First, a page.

The world's first unbreakable password

Scientists claim to have developed the world's first unbreakable security system password, even capable of preventing threats from quantum computers.

Picture 1 of The world's first unbreakable password
The codes generated by this chip are never stored nor can they be intercepted via text messages.(Artwork - Sputnik).

Sputnik reported that in a study published in the journal Nature Communication on December 20, a team of scientists at the University of St Andrews (Scotland) and international colleagues have deciphered the 'perfect secret' in Their new technology.

They developed a prototype silicon chip using natural laws, including chaos theory and the second law of thermodynamics. The codes generated by this chip are never stored nor can they be intercepted via text messages. The digital information is initially stored as light, then transmitted via specially designed silicon chips containing complex structures that bend and refract light, tampering with the information.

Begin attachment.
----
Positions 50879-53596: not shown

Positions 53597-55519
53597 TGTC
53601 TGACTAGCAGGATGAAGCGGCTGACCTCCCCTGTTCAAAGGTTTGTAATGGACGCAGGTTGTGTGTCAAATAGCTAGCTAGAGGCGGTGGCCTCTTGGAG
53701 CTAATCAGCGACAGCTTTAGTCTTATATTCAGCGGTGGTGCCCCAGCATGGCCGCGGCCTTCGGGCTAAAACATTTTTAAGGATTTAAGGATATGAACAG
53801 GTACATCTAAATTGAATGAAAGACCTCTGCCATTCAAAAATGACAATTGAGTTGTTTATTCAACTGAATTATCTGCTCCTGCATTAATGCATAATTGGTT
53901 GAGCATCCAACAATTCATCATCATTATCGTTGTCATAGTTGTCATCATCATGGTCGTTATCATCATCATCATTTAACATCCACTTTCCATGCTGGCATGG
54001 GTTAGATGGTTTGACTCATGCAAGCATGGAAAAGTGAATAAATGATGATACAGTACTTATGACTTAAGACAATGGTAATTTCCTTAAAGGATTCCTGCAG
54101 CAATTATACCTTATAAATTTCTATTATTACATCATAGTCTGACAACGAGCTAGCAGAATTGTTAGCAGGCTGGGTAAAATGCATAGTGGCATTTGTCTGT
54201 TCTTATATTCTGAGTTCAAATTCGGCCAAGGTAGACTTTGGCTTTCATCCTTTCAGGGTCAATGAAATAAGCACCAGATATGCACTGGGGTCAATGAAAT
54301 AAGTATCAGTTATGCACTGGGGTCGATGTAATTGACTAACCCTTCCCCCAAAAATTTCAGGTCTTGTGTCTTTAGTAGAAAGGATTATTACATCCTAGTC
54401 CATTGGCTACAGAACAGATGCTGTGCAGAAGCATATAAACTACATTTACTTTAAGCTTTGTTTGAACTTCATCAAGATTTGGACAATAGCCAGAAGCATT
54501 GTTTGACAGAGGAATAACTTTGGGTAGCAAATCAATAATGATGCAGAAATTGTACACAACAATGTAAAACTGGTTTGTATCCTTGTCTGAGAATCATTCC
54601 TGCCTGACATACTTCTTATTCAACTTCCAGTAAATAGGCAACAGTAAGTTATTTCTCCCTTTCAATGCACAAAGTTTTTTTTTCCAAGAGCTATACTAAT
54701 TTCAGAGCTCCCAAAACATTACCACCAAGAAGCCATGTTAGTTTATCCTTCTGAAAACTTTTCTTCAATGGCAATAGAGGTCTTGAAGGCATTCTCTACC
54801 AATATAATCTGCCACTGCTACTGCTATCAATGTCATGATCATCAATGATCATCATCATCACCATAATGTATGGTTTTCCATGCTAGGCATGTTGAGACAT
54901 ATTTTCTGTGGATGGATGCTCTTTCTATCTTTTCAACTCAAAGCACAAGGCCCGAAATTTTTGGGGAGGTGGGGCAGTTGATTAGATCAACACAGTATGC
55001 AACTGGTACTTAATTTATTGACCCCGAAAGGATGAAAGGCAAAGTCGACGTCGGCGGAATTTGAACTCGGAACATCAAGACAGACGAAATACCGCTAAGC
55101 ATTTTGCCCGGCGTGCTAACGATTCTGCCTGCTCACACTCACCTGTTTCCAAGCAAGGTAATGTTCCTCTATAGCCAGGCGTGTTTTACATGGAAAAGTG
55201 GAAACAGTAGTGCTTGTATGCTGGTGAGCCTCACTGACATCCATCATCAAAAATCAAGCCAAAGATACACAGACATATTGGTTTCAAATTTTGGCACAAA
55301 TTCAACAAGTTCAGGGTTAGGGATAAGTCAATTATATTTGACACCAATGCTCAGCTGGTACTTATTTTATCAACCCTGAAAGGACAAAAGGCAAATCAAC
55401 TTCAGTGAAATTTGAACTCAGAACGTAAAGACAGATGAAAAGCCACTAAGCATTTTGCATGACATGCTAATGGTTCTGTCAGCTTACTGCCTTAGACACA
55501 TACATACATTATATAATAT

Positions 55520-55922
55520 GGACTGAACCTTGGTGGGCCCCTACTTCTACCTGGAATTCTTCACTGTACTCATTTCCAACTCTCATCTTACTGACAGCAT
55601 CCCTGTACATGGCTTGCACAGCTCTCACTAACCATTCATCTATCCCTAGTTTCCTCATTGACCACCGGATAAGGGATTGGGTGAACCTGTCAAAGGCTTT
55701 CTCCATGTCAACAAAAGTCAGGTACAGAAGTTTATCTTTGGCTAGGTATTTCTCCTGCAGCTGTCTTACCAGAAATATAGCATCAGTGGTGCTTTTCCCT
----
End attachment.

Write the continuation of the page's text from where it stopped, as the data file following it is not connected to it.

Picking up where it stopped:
Professor Andrea di Falco at the University of St Andrews's School of Physics and Astronomy said: 'The technology is similar to talking to someone with two wired paper cups. If you shake the glass while speaking, the sound will be obscured, but each time it will be shaken in a different way so this code cannot be hacked. '

Therefore, according to the team, traditional encryption cracking methods will not be powerless against new forms of cryptography because they do not have the software or the code to manipulate.

Moreover, the new encryption technology is also hailed as being able to prevent the threat of quantum computers, and can be used in existing communication systems. Although quantum computers are still a problem of the future, security experts have warned that cyber terrorist groups may have stored information to attack as soon as computers Prince was put into operation.

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